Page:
In occupied British Columbia, folks from the Wet'swet'en and the Tsilhqot'in nations mobilized to keep oil and gas and mining companies off their territory. "We will fight what is happening in the Alberta tar sands and what is happening to their aquifers and we will also fight plans to destroy the aquifers on our side of the Rocky Mountains," Toghestiy, hereditary chief of the Likhts'amisyu clan of the Wet'swet'en, told the Vancouver Media Co-op via email. Supporters and Indigenous land defenders held a protest in Vancouver, and did court support alongside the Tsilhqot'in.
A decision from the US government that would allow the Keystone XL pipeline to proceed was delayed. The reprieve is a temporary victory for environmental activists, who mobilized en masse against the pipeline this summer.
Presenters at an oil and gas conference in Houston, Texas, were recorded recommending that their colleagues learn about counterinsurgency as a means to fend off protests against industry. "...[H]aving that understanding of psy ops in the Army and in the Middle East has applied very helpfully here for us in Pennsylvania,” said Matt Pitzarella, director of Range Resources corporate communications.
Otto Perez Molina, a retired army general, was elected President of Guatemala in a run-off election. He promptly named an ex-Kaibil (member of Guatemalan special forces accused of the atrocities during the country's 36-year internal conflict) as Minister of Defence, and announced that he would use the Kaibiles to fight the Zetas, an organized crime group that originated along the US-Mexico border. Meanwhile, Quattro Resources, a Calgary-based oil company, announced it has acquired an 80 per cent stake in a 554,000 hectare exploration project in Guatemala's northern Peten province.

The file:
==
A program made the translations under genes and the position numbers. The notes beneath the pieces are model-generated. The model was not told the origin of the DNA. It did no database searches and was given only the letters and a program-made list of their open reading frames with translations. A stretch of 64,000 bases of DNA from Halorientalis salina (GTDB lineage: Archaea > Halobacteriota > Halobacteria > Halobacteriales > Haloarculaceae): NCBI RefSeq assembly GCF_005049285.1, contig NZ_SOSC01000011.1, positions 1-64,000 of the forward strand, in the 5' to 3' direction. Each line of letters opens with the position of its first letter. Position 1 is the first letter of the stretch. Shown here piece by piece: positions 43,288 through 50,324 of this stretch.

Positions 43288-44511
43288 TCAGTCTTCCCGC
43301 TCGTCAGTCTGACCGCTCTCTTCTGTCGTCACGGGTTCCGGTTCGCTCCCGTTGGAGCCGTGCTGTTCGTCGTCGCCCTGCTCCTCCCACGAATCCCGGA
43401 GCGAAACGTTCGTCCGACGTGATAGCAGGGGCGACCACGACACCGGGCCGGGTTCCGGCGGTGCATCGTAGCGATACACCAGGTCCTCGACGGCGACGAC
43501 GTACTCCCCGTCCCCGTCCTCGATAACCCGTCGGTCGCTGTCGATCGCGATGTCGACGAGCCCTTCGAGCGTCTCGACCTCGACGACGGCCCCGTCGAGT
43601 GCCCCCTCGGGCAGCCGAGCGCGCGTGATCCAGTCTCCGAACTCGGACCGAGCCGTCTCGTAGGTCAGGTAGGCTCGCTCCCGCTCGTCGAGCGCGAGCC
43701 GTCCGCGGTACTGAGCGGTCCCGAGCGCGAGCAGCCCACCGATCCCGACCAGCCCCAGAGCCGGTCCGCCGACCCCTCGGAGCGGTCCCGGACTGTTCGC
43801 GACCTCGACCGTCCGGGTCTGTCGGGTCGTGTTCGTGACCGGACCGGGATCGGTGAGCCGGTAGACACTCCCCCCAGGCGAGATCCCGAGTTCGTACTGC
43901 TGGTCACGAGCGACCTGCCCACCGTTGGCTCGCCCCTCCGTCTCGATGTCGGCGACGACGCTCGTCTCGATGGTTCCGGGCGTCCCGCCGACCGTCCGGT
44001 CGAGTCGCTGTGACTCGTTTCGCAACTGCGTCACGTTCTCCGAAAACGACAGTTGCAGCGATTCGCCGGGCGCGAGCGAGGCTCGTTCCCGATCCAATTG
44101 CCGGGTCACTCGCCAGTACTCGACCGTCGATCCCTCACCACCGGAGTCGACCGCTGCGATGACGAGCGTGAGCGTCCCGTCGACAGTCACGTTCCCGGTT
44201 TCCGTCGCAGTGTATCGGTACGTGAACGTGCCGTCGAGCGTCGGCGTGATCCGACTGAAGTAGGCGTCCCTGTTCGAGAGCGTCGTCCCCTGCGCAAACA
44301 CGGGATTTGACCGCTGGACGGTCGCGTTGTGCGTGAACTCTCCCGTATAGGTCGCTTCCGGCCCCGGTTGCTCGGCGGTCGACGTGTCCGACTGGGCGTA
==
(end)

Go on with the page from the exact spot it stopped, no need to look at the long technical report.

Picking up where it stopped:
Violence continued to spread throughout Mexico, as 26 bodies were discovered in Guadalajara, the country's second biggest city. The killings follow the arrival of 11,000 police and soldiers to the city for the Pan American Games.
In Brazil, military police staged invasions into the Favelas (shanty towns) surrounding Rio de Janeiro as part of a campaign to "pacify" the poor areas of the city before the 2014 World Cup and the 2016 Olympics.
A group of athletes in India pressured the Indian Olympic Committee to boycott the London 2012 Olympics because Dow Chemical is a prominent sponsor. "We feel that it will be against the basic principles of the Olympics charter to partner with Dow Chemical, which is responsible for the ongoing disaster in Bhopal," reads a letter from the athletes, obtained by the Guardian.
Anti-nuclear activists in France fought with police after blocking a shipment of recycled uranium headed for Germany.
The Dominion is a monthly paper published by an incipient network of independent journalists in Canada. It aims to provide accurate, critical coverage that is accountable to its readers and the subjects it tackles. Taking its name from Canada's official status as both a colony and a colonial force, the Dominion examines politics, culture and daily life with a view to understanding the exercise of power.